I believe this February has been the warmest one I can ever remember. Here in North Carolina, we have had many days in the 60’s and 70’s, and a couple of days at nearly 80 degrees! The cherry blossoms have been in bloom for weeks, the daffodils are running riot, and the buds on many of the spring blooming shrubs are swelling to bloom. Some of the cherry trees and Bradford pears are starting to leaf out. This is very worrisome, not only for the health of the trees and plants involved, but for the success of those who farm and garden our food crops. Whether commercial or personal, fruit vines and trees, vegetables, and herbs are in some cases up to a month ahead of schedule. Peach trees are blooming and will soon set fruit, which could easily be killed by a hard frost. This is also a problem because after fall and winter, we are lulled into a false sense of spring. We have had 3 weeks (at least!) of warm, mild weather and nights in the 40’s or above (for the most part.) In this area, though, the last average frost date is still seven weeks away! The box stores and nurseries already have vegetable plants like tomatoes, peppers, and squash available. DON’T BE TEMPTED!! Although the warmth of this February has been unusual, it is still very early to plant summer vegetables. It is not, however, too early to start seeds. With the warmth of the days and relatively warm nights, by the time spring REALLY arrives, garden plants will be well developed to transplant.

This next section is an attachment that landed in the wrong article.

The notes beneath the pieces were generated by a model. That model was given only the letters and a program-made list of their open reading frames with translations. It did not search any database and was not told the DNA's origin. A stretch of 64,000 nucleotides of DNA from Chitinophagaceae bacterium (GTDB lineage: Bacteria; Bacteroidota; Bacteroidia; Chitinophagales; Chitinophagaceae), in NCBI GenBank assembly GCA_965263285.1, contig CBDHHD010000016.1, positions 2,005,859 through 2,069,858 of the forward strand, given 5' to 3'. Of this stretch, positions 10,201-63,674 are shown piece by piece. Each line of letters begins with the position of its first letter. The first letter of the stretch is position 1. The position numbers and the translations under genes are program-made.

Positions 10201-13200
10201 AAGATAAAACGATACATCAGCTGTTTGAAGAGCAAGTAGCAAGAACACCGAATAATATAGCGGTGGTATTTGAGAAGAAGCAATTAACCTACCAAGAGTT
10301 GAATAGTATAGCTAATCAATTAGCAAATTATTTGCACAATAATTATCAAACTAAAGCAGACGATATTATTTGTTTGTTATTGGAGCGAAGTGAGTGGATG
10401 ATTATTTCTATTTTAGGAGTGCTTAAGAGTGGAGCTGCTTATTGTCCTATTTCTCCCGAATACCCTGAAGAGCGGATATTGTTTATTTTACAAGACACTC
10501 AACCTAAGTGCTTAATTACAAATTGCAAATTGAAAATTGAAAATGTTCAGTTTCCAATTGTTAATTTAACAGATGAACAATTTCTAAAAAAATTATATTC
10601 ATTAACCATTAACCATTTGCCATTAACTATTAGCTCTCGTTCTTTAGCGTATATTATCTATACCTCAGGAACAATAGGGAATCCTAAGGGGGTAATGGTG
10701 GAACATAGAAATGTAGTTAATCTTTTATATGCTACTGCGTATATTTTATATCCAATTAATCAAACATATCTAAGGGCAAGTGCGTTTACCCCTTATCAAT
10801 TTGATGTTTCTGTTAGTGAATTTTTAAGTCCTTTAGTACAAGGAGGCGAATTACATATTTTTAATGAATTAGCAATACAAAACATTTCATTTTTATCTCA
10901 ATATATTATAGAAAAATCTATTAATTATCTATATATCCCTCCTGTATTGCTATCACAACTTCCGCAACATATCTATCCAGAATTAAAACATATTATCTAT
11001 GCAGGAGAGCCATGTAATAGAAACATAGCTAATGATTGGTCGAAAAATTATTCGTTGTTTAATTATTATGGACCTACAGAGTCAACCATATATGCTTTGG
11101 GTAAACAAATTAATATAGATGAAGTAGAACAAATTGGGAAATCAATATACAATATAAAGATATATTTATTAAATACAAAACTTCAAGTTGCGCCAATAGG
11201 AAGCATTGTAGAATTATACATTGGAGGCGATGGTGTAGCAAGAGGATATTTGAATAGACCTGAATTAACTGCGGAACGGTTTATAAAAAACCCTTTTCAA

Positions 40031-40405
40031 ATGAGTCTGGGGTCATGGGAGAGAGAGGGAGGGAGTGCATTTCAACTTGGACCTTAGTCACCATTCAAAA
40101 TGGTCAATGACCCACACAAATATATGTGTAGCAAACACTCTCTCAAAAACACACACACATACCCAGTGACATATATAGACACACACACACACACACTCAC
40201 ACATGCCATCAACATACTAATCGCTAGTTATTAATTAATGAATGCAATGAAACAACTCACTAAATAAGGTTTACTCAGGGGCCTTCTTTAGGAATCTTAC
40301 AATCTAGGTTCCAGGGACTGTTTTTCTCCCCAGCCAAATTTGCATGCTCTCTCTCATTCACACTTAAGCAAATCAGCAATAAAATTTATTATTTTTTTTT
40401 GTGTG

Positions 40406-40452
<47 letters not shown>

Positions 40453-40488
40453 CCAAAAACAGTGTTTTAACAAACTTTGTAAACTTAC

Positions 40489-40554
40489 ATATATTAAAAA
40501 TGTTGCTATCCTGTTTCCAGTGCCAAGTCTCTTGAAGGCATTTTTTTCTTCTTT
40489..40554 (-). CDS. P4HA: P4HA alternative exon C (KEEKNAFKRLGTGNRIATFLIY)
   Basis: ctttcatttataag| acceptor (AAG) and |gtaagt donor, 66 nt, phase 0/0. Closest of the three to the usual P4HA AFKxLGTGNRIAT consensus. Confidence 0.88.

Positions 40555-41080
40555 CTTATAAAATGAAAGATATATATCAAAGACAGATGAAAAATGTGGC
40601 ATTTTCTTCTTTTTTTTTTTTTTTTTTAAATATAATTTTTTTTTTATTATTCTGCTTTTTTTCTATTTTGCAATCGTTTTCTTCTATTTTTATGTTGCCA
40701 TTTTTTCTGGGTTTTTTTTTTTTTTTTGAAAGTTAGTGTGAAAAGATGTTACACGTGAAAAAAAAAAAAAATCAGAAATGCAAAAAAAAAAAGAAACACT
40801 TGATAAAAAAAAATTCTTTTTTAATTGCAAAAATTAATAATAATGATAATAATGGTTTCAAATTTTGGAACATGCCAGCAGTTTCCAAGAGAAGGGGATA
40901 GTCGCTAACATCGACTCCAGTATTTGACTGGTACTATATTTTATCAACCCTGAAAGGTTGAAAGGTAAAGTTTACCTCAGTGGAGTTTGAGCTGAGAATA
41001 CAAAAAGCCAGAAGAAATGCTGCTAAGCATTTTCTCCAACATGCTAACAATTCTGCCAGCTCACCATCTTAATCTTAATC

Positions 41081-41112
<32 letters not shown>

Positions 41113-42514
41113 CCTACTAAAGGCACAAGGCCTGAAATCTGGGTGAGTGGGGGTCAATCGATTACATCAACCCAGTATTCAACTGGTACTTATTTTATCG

It is very easy and takes very little time to build a cold frame with bales of straw and a couple of used window frames from Habitat ReStore. Find a sunny spot near your garden, cover the grass or weeds with a few layers of newspaper or cardboard. Use bales of straw around the edges and put your plant trays (sprouted and with true leaves on them) inside. Place the window on top of the straw bales as a cover. It is a good idea to also have a couple of pieces of 2×4 to use to prop the window open when the weather is warm. If not, the air inside can get very warm very quickly. Keep the new plants gently watered, and if you see there is a danger of severe cold, bring the plants inside for protection until the danger is over.